Applecrabs are various hybrids between crabapples and apples. They are bred for varying reasons, including disease resistance and use in cold climates because they are often hardier than apple trees and their fruit has the good eating qualities of apples.

Applecrabs are sometimes distinguished from apples if the fruit diameter is less than 5 cm (2 in).[1]

Cold-hardy applecrabs

Director of the Canadian Central Experimental Farm William Saunders (1836–1914) produced a number of such hybrids as part of an effort to develop good-quality eating apples for the Canadian prairies by crossing the domesticated apple cultivars with selected winter-hardy crabapple species.[1]

Cultivars include:

  • Malus 'Columbia', from one of Saunders' early experiments crossing M. baccata (from Siberia) with relatively hardy apples.[1]
  • Malus 'Kerr', from crossing 'Dolgo' crabapple and 'Haralson' apple.[2]
  • Malus 'Osman', from one of Saunders' early experiments crossing M. baccata with relatively hardy apples.[1]
  • Malus 'Rescue'.[3]
  • Malus 'Trailman, from crossing 'Trail' with 'Osman'.[4]

Scab-resistant apples

A separate project was initiated by C.S. Crandall of the University of Illinois to breed scab-resistant apples by introducing the VF gene from the crabapple Malus floribunda. His work has been continued by the PRI disease resistant apple breeding program with great success.[5]

Among the scab-resistant apples that carry the VF Gene are:

Red-fleshed applecrabs

Another type of applecrab breeding program stems from Malus niedzwetskyana, a red-fleshed crabapple, a few of which can still be found in Siberia and the Caucasus. It has been used by modern breeders to breed some red-leaved, red-flowered, and red-fruited domesticated apples and crabapples. One example is the Surprise, a pink-fleshed apple that was brought to the United States by German immigrants around 1840 and was later used by the horticulturist Albert Etter to breed some 30 pink- and red-fleshed varieties, the best-known of which is Pink Pearl.[6]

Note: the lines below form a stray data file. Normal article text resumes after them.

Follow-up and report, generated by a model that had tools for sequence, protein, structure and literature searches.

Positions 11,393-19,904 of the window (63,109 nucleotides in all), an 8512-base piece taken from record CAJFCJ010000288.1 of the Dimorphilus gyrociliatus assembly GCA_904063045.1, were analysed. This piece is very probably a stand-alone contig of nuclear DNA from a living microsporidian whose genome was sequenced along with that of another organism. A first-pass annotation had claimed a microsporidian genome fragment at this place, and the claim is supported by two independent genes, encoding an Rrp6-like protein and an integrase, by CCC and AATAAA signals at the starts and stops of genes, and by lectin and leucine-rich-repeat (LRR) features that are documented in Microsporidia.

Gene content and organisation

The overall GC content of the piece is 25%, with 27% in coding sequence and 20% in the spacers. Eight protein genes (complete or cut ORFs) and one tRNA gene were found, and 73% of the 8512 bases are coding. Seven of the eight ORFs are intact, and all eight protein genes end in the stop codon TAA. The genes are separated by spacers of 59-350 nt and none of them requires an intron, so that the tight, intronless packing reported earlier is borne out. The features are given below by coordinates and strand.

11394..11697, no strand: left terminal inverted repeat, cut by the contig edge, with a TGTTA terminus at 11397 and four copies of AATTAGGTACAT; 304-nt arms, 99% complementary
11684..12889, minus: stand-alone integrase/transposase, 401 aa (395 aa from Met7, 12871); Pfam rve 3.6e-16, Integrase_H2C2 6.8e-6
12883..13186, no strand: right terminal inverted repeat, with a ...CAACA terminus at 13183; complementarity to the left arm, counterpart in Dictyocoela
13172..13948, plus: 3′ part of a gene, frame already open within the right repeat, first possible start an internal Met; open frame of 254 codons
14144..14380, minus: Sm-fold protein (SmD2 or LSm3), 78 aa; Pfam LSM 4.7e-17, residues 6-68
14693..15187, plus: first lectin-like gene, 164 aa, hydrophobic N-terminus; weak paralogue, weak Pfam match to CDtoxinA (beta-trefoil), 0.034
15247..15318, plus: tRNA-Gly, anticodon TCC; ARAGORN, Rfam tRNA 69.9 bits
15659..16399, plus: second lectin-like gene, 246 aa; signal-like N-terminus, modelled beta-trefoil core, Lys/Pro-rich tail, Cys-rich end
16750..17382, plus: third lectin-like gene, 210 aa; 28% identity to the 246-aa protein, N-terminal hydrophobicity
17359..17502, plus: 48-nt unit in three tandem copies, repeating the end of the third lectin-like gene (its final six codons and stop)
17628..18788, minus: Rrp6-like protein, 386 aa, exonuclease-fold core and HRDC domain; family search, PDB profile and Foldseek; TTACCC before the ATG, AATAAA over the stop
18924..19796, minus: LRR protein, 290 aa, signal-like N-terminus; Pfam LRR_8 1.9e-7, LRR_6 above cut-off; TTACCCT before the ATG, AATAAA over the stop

Another horticulturist, Niels Ebbesen Hansen, encountered M. niedzwetskyana in the Ili valley in what is now Kazakhstan during his 1897 expedition to Russia, and began two breeding programs based on this unusual fruit, one aimed at developing a cold-hardy cooking and eating apple, and the other aimed at developing ornamental crabapples. His efforts resulted in the Almata apple and the Hopa crabapple, among other varieties. Some of these apples, as well as M. niedzwetskyana itself, are being used for small-scale commercial production of rosé apple ciders.[7]

See also


  1. Roger Vick (1991). Edible Apples to 1990: as grown in the Canadian Prairie Provinces (PDF). University of Alberta Devonian Botanic Garden.
  2. Wesley Autio and James Krupa (2002). "Performance of the V Series Apple Rootstocks During Six Growing Seasons". Fruit Notes. 67 (Summer).
  3. W. D. Evans and R. J. Hilton (1957). "Methods Of Evaluating Stock/Scion Compatibility In Apple Trees". Canadian Journal of Plant Science. 37 (4): 327–336. doi:10.4141/cjps57-038.
  4. R. E. Harris (1974). "Apple-crab "Trailman". Canadian Journal of Plant Science. 54: 105. doi:10.4141/cjps74-017.
  5. "Vf scab resistance of Malus". Archived from the original on 2014-12-19. Retrieved 2014-12-19.
  6. "The Ettersburg Apple Legacies", Greenmantle Nursery website
  7. "Rosé Ciders to Try This Summer"
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